By Anna Griffin
The Charlotte Observer
The N.C. agency that protects highway work zones and ensures
long-haul trucks are safe to drive has been forced to juggle
patrols, cut back on inspections and generally stretch itself
thin because of a severe manpower shortage.
State leaders merged the N.C. Division of Motor Vehicles'
enforcement section with the N.C. Highway Patrol a year ago
in an attempt to save money and end a legacy of cronyism inside
But one unexpected result has been a rash of vacancies. As
of last week, a fifth of the state's 352 positions were empty.
The problem: Enforcement officers now have to go through
the same training as Highway Patrol troopers. Yet they're
paid substantially less.
"Recruiting has proven very difficult," said First
Sgt. Everett Clendenin, a Highway Patrol spokesman. "We're
not sacrificing safety. But just the routine daily patrols
... when you have this many vacancies, it's going to have
Before last year, the N.C. Department of Transportation was
responsible for all facets of motor vehicle enforcement. DMV
examiners registered new drivers and handed out licenses;
DMV officers manned highway weigh stations, patrolled rest
areas and regulated the state's trucking industry.
Historically, all those jobs have been tough to fill. The
work is not glamorous, and the clientele is notoriously cranky.
(The General Assembly recently created 45 new driver license
examiner positions to help shorten lines at DMV offices. The
N.C. DOT is in the process of filling them, spokesman Bill
A year ago, after high-profile allegations of ticket fixing
and bribery within the DMV's enforcement arm, state lawmakers
voted to move 375 officers from the Transportation Department
into the Department of Crime Control and Public Safety.
Gov. Mike Easley backed the move, calling the DMV "a
mess" and demanding more professionalism from officers.
"We had some bad apples and we had some lax management
policies in enforcement," said state Rep. Wilma Sherrill,
R-Buncombe, a former DMV commissioner who proposed the merger
in the General Assembly. "I believed, and I think a lot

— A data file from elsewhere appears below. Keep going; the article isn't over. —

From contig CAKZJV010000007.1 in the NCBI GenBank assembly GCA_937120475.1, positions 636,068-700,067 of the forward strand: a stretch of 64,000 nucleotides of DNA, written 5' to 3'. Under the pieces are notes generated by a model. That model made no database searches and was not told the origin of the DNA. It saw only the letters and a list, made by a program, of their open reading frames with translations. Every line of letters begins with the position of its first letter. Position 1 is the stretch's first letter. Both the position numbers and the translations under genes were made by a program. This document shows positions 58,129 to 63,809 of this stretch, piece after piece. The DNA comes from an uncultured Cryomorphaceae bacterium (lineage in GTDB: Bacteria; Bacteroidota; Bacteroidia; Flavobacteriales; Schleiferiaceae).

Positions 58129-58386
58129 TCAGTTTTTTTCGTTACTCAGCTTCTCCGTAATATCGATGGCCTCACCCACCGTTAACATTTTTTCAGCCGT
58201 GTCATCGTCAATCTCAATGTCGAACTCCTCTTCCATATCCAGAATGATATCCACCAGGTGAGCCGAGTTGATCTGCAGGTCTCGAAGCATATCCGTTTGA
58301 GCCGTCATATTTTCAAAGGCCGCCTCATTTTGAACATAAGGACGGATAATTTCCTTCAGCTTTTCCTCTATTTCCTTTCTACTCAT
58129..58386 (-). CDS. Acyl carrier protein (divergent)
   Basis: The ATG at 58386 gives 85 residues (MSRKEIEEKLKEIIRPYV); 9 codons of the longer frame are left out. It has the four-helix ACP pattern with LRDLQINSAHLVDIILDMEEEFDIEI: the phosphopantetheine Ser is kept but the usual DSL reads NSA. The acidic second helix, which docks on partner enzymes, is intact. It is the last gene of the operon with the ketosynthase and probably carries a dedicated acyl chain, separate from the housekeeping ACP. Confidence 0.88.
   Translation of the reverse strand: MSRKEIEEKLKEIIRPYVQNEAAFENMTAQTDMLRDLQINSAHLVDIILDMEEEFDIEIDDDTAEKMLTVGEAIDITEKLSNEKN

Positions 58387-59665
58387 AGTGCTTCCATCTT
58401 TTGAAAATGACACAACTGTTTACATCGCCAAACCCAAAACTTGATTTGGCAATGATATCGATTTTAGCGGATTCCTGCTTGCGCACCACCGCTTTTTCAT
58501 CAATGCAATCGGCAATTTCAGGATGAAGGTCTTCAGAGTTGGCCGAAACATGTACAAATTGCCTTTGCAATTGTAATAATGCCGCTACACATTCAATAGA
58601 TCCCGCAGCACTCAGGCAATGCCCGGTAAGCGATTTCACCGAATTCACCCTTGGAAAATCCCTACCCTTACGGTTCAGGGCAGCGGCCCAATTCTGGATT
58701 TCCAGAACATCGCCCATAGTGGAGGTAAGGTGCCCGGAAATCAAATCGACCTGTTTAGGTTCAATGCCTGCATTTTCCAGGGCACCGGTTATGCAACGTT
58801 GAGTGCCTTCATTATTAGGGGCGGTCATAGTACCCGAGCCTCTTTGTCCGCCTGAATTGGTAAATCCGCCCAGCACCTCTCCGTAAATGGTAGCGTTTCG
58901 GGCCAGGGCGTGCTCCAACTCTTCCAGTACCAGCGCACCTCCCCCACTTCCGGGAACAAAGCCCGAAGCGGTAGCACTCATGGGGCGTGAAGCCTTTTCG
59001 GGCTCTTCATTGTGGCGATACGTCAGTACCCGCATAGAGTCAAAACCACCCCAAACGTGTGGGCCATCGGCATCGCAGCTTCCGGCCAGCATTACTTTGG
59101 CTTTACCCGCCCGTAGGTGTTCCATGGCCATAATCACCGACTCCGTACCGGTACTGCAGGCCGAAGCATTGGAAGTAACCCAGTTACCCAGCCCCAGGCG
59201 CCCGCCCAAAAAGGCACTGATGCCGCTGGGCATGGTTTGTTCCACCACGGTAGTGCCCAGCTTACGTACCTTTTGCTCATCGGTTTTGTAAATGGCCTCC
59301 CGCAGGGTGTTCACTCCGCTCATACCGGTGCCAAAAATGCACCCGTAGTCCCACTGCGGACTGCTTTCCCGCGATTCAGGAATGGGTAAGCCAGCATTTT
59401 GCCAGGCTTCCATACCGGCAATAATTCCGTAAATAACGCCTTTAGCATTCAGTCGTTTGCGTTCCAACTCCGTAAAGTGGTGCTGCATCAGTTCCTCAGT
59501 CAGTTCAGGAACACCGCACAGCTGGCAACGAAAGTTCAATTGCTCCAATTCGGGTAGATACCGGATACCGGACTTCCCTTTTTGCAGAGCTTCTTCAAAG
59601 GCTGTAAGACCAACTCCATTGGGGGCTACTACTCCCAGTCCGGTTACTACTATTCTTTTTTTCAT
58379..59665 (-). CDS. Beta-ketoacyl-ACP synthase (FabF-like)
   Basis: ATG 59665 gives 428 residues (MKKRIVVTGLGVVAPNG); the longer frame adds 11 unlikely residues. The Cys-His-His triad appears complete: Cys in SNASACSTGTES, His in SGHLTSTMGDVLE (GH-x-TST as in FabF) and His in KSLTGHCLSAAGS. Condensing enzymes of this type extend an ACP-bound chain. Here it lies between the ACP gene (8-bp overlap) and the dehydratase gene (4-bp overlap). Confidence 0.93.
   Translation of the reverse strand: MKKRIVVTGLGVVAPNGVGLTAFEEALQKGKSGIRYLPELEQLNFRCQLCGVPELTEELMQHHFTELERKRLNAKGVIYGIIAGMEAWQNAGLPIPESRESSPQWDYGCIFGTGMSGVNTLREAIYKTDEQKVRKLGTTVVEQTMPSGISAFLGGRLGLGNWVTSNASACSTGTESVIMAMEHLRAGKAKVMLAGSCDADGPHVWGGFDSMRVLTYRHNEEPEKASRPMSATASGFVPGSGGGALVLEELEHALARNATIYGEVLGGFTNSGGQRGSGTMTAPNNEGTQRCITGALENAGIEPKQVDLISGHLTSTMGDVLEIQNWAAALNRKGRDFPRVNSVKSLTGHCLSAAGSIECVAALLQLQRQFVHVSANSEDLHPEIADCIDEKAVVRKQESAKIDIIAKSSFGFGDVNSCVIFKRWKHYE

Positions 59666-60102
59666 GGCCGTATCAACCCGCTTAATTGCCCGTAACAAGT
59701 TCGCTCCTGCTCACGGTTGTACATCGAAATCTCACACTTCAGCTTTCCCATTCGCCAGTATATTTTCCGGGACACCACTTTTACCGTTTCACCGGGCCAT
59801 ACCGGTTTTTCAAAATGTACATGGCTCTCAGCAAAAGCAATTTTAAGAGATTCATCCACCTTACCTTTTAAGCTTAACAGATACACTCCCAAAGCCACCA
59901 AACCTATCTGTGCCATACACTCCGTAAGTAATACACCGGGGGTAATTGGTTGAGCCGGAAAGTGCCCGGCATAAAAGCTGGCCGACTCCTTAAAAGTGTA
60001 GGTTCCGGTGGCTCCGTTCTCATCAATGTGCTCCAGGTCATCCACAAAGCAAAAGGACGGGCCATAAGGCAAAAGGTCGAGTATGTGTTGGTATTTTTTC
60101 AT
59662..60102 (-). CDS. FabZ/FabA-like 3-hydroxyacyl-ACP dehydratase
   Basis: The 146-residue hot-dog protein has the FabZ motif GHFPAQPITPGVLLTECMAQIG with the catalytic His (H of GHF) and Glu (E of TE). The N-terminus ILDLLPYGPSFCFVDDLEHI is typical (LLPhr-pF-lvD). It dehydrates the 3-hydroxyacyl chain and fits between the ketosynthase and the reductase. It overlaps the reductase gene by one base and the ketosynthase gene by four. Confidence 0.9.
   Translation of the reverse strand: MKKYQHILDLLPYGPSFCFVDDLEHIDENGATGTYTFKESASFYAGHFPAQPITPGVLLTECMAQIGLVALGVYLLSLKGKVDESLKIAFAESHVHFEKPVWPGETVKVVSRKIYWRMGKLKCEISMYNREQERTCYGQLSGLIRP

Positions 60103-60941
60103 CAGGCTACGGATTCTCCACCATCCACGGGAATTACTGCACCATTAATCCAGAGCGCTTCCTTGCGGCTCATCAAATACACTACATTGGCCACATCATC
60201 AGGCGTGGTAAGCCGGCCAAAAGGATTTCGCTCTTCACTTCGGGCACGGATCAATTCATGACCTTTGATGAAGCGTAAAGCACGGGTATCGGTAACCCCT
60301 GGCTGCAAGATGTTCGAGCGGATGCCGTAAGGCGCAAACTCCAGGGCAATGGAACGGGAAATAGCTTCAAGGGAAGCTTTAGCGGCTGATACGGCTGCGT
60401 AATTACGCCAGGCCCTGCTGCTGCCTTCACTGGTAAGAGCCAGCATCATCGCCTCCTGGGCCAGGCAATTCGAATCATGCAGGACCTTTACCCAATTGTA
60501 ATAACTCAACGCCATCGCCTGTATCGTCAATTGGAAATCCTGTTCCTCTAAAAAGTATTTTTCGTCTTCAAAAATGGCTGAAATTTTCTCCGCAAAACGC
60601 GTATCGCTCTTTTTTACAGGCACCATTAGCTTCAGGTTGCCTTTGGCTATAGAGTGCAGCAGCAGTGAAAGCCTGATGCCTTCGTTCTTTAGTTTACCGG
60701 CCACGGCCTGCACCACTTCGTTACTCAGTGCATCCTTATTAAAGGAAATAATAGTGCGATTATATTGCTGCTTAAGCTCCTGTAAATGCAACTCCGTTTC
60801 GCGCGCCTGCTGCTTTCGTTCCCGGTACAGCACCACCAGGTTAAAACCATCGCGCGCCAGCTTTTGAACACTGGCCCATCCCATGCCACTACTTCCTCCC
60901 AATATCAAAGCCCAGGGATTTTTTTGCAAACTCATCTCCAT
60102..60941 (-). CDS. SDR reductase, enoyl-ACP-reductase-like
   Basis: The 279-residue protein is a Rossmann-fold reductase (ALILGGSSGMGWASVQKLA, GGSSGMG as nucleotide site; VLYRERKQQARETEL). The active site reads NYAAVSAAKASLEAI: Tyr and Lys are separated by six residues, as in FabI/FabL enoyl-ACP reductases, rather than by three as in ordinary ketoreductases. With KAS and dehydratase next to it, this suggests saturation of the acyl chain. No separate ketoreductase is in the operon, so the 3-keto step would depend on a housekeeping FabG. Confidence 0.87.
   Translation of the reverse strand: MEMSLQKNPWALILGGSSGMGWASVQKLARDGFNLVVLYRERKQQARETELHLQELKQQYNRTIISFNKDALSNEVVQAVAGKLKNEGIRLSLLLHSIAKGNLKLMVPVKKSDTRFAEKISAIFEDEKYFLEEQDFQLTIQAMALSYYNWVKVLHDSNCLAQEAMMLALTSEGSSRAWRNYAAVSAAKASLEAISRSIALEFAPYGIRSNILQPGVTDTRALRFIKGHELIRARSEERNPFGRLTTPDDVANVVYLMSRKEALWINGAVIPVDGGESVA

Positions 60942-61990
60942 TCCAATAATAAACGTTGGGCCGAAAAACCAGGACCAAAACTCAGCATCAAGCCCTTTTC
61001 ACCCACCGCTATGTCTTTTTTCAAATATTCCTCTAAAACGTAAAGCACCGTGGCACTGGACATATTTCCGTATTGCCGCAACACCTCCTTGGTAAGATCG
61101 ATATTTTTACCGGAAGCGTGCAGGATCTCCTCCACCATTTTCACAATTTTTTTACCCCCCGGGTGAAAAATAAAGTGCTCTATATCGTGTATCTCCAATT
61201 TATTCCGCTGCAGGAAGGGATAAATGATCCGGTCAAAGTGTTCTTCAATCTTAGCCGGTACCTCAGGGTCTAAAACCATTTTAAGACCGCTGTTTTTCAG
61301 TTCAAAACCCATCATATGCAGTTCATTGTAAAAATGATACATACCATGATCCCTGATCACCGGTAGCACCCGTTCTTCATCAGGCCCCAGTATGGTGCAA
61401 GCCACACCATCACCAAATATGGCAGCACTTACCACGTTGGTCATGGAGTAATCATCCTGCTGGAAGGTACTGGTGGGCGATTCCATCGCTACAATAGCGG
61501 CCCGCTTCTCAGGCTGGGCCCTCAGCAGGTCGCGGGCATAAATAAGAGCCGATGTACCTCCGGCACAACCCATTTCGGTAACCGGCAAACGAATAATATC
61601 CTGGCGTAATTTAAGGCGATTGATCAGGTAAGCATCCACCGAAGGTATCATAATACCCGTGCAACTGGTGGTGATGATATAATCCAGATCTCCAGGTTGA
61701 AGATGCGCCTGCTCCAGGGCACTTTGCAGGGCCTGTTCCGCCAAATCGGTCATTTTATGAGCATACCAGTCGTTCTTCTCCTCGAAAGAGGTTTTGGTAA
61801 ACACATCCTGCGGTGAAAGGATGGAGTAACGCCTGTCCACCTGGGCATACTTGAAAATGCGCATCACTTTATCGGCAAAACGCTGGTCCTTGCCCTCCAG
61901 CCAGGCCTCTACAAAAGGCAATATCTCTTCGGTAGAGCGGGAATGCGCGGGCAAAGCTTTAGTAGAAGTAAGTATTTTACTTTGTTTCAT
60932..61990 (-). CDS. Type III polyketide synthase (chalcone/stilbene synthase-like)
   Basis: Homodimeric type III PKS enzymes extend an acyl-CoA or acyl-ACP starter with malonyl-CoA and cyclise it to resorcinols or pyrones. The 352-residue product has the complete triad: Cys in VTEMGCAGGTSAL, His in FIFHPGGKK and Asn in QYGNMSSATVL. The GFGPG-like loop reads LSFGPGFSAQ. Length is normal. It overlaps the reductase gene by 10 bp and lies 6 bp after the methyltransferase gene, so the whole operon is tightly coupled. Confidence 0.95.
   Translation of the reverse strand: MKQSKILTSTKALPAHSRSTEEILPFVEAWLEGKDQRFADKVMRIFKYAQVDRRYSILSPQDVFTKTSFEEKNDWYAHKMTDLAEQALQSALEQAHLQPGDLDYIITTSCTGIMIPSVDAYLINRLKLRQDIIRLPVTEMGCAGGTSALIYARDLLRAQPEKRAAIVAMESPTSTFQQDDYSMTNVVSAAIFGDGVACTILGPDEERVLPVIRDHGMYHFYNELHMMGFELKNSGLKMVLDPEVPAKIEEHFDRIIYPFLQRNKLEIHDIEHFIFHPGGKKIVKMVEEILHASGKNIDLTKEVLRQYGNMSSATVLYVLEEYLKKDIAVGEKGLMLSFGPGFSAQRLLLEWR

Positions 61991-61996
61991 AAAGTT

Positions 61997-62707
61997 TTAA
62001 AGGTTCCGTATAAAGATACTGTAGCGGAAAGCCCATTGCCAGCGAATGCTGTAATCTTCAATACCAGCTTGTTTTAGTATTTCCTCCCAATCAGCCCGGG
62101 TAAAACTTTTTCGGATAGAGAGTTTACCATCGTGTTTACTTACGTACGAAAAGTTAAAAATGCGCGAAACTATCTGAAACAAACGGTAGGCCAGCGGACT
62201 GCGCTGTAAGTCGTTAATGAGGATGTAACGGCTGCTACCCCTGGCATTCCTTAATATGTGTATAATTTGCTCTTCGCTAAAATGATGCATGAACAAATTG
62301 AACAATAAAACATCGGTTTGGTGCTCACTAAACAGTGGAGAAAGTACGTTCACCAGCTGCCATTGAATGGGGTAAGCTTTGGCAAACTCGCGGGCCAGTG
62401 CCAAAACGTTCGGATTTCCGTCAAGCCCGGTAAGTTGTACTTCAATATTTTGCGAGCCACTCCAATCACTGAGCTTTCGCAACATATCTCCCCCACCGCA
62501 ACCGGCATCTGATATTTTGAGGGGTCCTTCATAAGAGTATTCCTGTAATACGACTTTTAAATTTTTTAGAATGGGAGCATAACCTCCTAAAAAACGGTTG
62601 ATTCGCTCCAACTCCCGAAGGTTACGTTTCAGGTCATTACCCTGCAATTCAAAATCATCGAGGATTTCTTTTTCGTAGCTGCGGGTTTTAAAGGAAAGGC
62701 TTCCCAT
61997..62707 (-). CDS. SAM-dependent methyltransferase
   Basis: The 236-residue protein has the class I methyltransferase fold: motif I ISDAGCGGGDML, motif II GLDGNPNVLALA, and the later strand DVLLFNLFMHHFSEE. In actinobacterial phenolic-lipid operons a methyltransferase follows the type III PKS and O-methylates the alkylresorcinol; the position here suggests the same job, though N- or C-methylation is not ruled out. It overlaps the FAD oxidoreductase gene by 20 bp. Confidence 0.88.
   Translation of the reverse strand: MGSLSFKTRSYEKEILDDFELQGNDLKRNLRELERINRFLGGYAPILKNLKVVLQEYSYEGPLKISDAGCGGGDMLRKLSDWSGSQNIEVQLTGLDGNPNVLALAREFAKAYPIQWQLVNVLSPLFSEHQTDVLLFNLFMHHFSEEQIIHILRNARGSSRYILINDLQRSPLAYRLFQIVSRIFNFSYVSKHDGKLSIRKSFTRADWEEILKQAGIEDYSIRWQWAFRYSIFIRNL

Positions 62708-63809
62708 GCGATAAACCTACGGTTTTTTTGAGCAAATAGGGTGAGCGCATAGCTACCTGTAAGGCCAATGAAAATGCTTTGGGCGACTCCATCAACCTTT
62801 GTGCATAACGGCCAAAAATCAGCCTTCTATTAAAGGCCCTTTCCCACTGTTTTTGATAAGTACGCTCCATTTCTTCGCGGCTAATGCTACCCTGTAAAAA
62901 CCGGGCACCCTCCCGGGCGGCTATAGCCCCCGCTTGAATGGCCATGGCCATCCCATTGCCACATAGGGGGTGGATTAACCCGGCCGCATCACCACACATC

of other people agreed, that the Highway Patrol was doing
a better job managing that sort of thing."
Under the old system, a would-be DMV officer received between
11 and 18 weeks of training once they were hired. Now, new
officers must go through the same 28-week boot camp as Highway
Patrol troopers, a combination of classroom lessons, driving
instruction and physical fitness training. As part of the
merger, some Highway Patrol troopers are being trained to
work on commercial vehicles.
Yet an entry-level DMV officer makes, on average, $24,980
-- $7,000 less than the Highway Patrol counterpart. That disparity
makes recruiting tough.
"We have people coming back to us because they don't
want to go to trooper school to make less than the troopers
do," said Tracy Keel, who supervises the N.C. DOT's license
and theft training bureau.
State recruiters struggled to find qualified DMV applicants
even before the merger. Of the 375 positions transferred last
year, 57 were vacant. As of last week, 69 of the state's 352
enforcement officer positions were vacant.
The Highway Patrol itself had just 57 vacancies last week
among its 1,400 positions.
"People come in and they want to go into the Highway
Patrol. The recruiters tell them that there are two positions
they can apply for," Clendenin said. "But you have
to be upfront and let them know about the differences."
John Midgette, executive director of the N.C. Police Benevolent
Association, said he's talked with Crime Control Secretary
Bryan Beatty about discrepancies in pay between Highway Patrol
troopers and motor vehicle enforcement officers, and he's
hopeful legislators will act to make the enforcement jobs
Sherrill agreed that lawmakers need to look at the situation,
but said a simple pay increase likely isn't the answer.
"In an economy like this, with unemployment like this,
you should be able to fill these jobs," she said. "There's
got to be more to it than money."